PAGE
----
Uber will invest $ 200 million and hire thousands of engineers to strengthen its two-year-old long-distance freight transportation company, Uber Freight. The expanded company will have its headquarters in a newly opened office in downtown Chicago, where it will house up to 2,000 engineers that Uber wants to hire in the next three years.
Uber Freight was launched in 2017 and connects truck drivers with shippers, in the same way as the app of the company that rides vehicles, connects drivers with those looking for a ride. It is part of Uber & # 39; s "other bets", including the food delivery service, Uber Eats, and its new Mobility businesses such as its Jump-branded electric bikes and scooters.
It is a huge voice of confidence in Uber's growing freight division, even though Uber's overall operations continue to bleed billions of dollars every quarter. In August, Uber reported a record loss of $ 5.3 billion on a quarterly basis, much of which is due to one-off costs, such as share-based compensation. Nevertheless, sales growth has slowed and seems to be making its way to profitability longer than ever.
The truck industry is not an obvious place for Uber to target its resources. There has been a shortage of truck drivers in recent years, with experts noting that there are not enough truck drivers to keep up with demand. This has led to a softening of the market, with prices generally falling.
But Uber's top managers say the freight division is promising. "Uber Freight continued to see impressive growth and great progress in the second quarter despite mild market conditions," said Uber CEO Dara Khosrowshahi in a profit call in August with investors. Nevertheless, the company did not break out revenue figures for its freight activities.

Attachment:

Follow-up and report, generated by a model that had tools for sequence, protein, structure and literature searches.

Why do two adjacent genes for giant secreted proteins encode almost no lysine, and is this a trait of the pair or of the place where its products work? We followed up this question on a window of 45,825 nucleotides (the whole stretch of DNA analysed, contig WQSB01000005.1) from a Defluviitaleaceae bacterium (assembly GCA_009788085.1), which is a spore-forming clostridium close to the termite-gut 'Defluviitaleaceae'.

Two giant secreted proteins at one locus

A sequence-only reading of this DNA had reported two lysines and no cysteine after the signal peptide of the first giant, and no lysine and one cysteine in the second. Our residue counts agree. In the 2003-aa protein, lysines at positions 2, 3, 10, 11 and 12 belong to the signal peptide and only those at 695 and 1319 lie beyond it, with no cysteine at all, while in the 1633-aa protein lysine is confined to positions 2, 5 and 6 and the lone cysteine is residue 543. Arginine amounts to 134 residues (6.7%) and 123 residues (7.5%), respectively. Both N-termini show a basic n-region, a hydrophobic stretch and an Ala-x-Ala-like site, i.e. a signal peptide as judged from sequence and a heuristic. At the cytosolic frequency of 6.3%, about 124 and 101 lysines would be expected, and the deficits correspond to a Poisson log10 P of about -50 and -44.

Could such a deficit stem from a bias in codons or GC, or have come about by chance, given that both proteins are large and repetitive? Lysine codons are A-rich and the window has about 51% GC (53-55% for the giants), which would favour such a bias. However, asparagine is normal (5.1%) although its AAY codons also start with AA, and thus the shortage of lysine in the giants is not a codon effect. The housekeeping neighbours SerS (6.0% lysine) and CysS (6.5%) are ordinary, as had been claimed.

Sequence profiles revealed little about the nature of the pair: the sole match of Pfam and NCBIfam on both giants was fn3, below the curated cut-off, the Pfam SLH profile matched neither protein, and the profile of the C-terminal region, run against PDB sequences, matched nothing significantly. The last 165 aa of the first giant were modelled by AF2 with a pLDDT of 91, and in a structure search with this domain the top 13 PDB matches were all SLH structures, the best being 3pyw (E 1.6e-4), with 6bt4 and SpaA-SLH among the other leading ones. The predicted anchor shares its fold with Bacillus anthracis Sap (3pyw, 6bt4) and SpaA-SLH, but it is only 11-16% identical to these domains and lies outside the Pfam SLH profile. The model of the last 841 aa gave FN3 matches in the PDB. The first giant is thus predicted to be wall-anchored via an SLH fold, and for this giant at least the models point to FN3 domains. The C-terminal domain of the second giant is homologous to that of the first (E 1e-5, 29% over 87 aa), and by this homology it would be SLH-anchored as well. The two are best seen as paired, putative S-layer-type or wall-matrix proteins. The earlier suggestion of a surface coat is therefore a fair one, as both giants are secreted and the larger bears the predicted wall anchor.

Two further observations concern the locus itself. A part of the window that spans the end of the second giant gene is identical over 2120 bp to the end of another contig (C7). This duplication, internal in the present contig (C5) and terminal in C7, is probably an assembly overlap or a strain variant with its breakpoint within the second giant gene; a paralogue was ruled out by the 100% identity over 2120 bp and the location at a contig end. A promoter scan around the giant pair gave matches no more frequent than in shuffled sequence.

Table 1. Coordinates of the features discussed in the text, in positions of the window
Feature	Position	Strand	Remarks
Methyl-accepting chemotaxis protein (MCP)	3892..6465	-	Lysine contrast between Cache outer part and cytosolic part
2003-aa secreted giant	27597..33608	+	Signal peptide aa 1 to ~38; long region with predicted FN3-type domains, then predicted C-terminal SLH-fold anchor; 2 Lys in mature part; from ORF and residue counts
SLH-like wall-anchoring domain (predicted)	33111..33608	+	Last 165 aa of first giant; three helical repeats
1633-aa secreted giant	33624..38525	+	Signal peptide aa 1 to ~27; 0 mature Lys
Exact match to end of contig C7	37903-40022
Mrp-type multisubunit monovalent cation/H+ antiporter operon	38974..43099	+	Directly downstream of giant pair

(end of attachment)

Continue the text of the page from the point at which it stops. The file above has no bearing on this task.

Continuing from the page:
Lior Ron, head of Uber Freight, said the soft market conditions were only a by-product of the "cyclical" nature of the truck industry. "Every time the economy picks up, the freight industry gets a lot more assets," Ron said in an interview with The edge. "Truck orders have reached a historic peak."
Uber continues to lure drivers to its platform using established techniques such as bonuses and benefits. Last year Uber Freight introduced a perk that offers truck drivers discounts on essential items such as gasoline and new tires. The company doesn't want to say how much it spends to subsidize its truck business, but Ron insisted that cargo be the "fastest growing company in Uber".
"We see acceleration in every region in the US," he added. "Once you serve them, the combined revenue from shippers will only go up and up, as we go deeper into the supply chain."
Ron came to Uber for the first time when the ride-hailing company took over Otto, the self-driving truckup startup that he founded together with fellow ex-Google engineer Anthony Levandowski. Later, Google & # 39; s self-propelled spin-off Waymo sued Uber and claimed that Levandowski had stolen trade secrets as a way to lure a sale from the driver company. The case was settled in 2018, but Levandowski was recently charged with theft by the Justice Department. Ron, who was mentioned neither in the trial nor in the charge against Levandowski, again at Uber last year to lead the Freight division.
Ron, who spoke with The edge a week before Levandowski was arrested, he called his involvement in a notorious engineer "an interesting experience" that unfortunately went in the direction it did. "There was clearly a lot of misinformation and misunderstanding in that old story," he continued. "In the end, the reason I was really mad about joining Uber (was because) was the best place in the universe to be on transportation markets, which we always considered the endgame in terms of the business model."